Research Program Information

The RLS Foundation honors promising scientists whose work supports the goals of the Foundation through our RLS Research Grant Program.

One important way that we foster change is to promote innovative research that will impact the lives of individuals living with restless legs syndrome. The Foundation strives to spur the research community to generate novel ideas to unlock the mysteries that will ultimately lead to a cure for this often devastating disease.  On behalf of the RLS patient community, the Foundation wants a safe, well-tolerated, and durable treatment for RLS--in short, a cure--or ways to improve patients' quality of life.

The 2014 RLS Research Grant was awarded
to Sergi Ferre, MD, PhD

The 2014 RLS Research Grant was awarded to Sergi Ferre, MD, PhD Dr. Ferre’s research will explore cortico-striatal transmission in iron-deficient rats as a model for screening of drugs potentially useful in treatment of restless legs syndrome.

There are multiple potential medications that for theoretical reasons should be considered beneficial for RLS, but many of these are not available for human use and, for those that are available, testing them in RLS patients would be expensive and time consuming. Efficient drug screening is needed to select drugs that seem promising for RLS, which could then be studied in RLS patients.This project aims at obtaining a new animal model for such screening.

The first goal of the project is to demonstrate that iron deficiency in rats is associated with increased cortico-striatal glutamatergic transmission. The second goal will be validating our model by demonstrating the ability of drugs already known to be efficient in RLS patients to revert the changes induced by iron deficiency on cortico-striatal neurotransmission in rats. The model would then be used to screen new compounds that could potentially be potent modulators of cortico-striatal neurotransmission.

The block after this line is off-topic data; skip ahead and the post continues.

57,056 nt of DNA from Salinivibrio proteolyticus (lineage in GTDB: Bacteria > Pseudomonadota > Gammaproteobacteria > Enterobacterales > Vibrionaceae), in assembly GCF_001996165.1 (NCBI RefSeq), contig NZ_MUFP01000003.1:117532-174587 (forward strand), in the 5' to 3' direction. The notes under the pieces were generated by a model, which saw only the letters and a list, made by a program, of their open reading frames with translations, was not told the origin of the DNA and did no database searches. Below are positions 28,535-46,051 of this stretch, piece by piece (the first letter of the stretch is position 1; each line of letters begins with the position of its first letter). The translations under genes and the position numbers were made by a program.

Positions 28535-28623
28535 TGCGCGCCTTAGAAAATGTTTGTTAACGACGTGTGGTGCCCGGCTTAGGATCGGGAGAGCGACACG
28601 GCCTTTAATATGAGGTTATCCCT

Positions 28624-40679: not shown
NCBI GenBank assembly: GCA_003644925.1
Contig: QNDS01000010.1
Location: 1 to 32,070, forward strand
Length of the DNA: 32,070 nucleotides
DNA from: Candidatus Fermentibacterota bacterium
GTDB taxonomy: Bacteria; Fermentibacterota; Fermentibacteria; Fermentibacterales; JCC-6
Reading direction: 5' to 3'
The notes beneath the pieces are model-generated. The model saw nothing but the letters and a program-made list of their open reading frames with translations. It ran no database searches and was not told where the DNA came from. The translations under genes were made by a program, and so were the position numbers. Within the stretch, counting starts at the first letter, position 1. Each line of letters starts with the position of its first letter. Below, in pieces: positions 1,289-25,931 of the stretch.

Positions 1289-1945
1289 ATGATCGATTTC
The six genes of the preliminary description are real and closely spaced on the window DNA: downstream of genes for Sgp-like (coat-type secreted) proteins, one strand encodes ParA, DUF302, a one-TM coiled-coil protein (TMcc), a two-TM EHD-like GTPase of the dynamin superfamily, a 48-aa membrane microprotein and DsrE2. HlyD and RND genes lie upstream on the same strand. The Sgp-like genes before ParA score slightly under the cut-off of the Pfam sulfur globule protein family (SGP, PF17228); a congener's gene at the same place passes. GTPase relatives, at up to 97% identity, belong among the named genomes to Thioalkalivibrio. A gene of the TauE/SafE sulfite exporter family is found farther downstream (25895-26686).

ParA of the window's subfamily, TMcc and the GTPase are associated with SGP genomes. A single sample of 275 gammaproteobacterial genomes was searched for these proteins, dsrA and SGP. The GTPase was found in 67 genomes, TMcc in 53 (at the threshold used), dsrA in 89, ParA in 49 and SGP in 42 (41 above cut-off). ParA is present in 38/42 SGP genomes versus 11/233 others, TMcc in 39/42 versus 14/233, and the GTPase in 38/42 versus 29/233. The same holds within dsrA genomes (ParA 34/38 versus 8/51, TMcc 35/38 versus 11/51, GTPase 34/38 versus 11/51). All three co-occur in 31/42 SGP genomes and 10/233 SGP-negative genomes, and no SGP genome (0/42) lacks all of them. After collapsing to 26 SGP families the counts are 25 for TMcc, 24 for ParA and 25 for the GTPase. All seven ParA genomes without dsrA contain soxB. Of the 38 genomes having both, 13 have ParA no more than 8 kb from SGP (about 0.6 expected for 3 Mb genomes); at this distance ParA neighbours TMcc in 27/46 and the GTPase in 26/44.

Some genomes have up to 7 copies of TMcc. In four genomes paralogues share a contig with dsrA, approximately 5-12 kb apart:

Donations Support the Success of the RLS Research Grant Program

Thanks to the generous donations from the RLS community, the Foundation has funded more than $1.4 million in competitive research grants for the study of restless legs syndrome since 1997. Every donation makes a real difference in our understanding of the disease. Consider making a donation to the RLS Foundation research program today! 

Click here to view our RLS Research Grant recipients. 


To the extent that basic studies directly contribute to the development of new curative agents, we are willing to support them, especially if the resulting data can be used to apply for government funding.  That said, it should be clear that we are anxious to build a bench-to-bedside research portfolio:

  • We need an animal model of RLS with good face validity and predictive value.  Such a model would allow us to test
    drug candidates or understand the cause (and potentially mitigate) augmentation
  • We need well-defined and validated drug targets, and assays that can be used to screen small molecule libraries or characterize therapeutic antibodies
  • We need grantees who are willing to use the screens described above to discover "hits" and refine them into clinical lead compounds
  • We need objective state and trait markers for RLS
  • Since RLS is a 24/7 disease that affects multiple body systems, we need treatments that will improve symptoms other than restlessness.

Grantees need not be members of academic institutions.  Scientists in the biotechnology industry are encouraged to apply for money that will allow them to seed relevant projects and obtain SBIR grants if necessary.  Multi-institutional collaborations are encouraged.  We will award up to two $35,000 grants in 2015.  2015 Grant proposals are currently under review.